A plaque remaining from the Big Apple Night Club at West 135th Street and Seventh Avenue in Harlem.

Above, a 1934 plaque from the Big Apple Night Club at West 135th Street and Seventh Avenue in Harlem. Discarded as trash in 2006. Now a Popeyes fast food restaurant on Google Maps.

Recent entries:
“Save a turkey. Eat a taco” (11/26)
“Save a turkey. Eat a pizza” (11/25)
“Leftover lettuce is called the romaineder” (11/25)
“Save a turkey. Eat a pie” (11/25)
Entry in progress—BP (11/25)
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Entry from January 30, 2016
Nebraska: Antelope State (nickname)

Nebraska had many antelope in its fields in the 19th century. The Nebraska nickname of “Antelope State” has been cited in print since at least 1866.

Nebraska has also been called the “Bug Eaters State,” the “Cornhusker State” and the “Tree Planters State.”

22 March 1866, Louisville (KY) Daily Journal, “Nicknames,” pg. 1, col. 4:
Nebraska, Antelope State.

7 April 1866, The Daily Cleveland Herald (Cleveland, OH), “Geographical Nicknames,” pg. 2, col. 2:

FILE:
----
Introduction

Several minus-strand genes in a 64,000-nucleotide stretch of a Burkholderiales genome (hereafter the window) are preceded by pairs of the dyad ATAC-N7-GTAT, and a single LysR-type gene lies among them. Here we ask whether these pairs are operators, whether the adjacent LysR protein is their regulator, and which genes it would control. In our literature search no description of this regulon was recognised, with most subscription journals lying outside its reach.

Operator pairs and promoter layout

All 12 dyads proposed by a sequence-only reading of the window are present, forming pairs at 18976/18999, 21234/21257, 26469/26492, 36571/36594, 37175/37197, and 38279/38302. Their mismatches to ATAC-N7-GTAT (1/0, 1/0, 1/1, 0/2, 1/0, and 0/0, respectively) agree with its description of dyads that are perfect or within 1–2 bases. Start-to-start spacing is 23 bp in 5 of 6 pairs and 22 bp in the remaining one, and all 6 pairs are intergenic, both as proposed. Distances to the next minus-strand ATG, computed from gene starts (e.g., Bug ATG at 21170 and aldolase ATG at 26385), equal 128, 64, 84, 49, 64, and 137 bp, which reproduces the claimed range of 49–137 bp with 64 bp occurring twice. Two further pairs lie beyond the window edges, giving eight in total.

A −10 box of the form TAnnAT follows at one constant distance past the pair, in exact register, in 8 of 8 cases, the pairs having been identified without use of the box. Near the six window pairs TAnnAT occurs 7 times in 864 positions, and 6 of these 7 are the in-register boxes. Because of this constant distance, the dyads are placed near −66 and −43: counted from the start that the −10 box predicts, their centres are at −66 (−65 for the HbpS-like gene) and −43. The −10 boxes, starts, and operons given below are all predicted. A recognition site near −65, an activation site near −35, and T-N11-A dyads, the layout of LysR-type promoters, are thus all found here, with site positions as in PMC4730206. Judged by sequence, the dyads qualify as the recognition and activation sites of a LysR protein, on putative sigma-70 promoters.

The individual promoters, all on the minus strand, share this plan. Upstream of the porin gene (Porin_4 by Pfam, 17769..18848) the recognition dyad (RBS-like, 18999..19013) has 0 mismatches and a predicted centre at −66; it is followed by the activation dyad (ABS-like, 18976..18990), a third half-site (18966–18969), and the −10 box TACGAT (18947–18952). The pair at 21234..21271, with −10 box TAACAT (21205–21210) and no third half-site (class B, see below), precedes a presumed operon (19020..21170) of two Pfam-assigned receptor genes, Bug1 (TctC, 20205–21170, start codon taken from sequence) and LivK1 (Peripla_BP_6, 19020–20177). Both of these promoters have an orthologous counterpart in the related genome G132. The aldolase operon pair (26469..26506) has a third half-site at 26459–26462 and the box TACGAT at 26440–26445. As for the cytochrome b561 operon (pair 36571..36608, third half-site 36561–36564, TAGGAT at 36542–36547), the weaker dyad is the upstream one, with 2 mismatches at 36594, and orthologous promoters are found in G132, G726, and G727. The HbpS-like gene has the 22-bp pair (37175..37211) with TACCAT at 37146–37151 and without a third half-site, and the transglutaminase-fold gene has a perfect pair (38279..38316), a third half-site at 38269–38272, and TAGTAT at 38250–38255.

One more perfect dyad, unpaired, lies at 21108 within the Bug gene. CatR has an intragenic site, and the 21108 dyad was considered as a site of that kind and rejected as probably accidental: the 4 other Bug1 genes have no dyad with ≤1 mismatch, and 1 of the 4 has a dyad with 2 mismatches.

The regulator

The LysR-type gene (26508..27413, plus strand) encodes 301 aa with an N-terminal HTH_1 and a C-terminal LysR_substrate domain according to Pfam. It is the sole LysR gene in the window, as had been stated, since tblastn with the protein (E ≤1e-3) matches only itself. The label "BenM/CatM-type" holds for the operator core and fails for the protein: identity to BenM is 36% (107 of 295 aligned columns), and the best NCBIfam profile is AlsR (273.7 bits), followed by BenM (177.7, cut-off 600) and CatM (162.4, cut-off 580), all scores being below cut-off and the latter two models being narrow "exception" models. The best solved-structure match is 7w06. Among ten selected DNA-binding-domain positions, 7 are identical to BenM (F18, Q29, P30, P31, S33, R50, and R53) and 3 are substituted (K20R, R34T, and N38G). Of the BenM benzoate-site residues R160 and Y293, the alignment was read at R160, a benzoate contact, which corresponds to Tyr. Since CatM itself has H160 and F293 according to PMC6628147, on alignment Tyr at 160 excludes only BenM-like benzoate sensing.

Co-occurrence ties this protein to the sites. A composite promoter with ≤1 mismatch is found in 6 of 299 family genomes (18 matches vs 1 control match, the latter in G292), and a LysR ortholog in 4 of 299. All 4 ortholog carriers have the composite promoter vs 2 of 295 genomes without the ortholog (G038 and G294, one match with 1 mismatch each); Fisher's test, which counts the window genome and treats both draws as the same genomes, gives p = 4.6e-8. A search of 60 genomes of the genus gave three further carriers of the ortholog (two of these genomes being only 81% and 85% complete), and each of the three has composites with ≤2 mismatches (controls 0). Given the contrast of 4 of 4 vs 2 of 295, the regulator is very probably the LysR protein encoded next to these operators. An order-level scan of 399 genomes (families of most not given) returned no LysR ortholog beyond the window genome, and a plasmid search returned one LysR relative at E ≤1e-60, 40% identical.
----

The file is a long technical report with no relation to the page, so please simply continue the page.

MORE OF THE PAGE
... Nebraska, Antelope State; ...

Nebraska Newspapers
14 March 1872, Nebraska Herald (Plattsmouth, NE), “The National Agricultural Convention,” pg. 1, col. 5:
We were glad to see that all important subject of replacing in some way the loss of the immense forests of the old and formerly heavily timbered States was under consideration, and shows that those residing elsewhere than in the “Antelope” State or “Great American Desert,” are troubled about the rapid rate our forests are disappearing.

Nebraska Newspapers
6 June 1872, Nebraska Herald (Plattsmouth, NE), “Immigration,” pg. 4, col. 1:
They will reap an abundant reward for their labors, and will call the day “blessed,” that firs welcomed them to the “Antelope” State.

Posted by Barry Popik
Other ExpressionsOther States • Saturday, January 30, 2016 • Permalink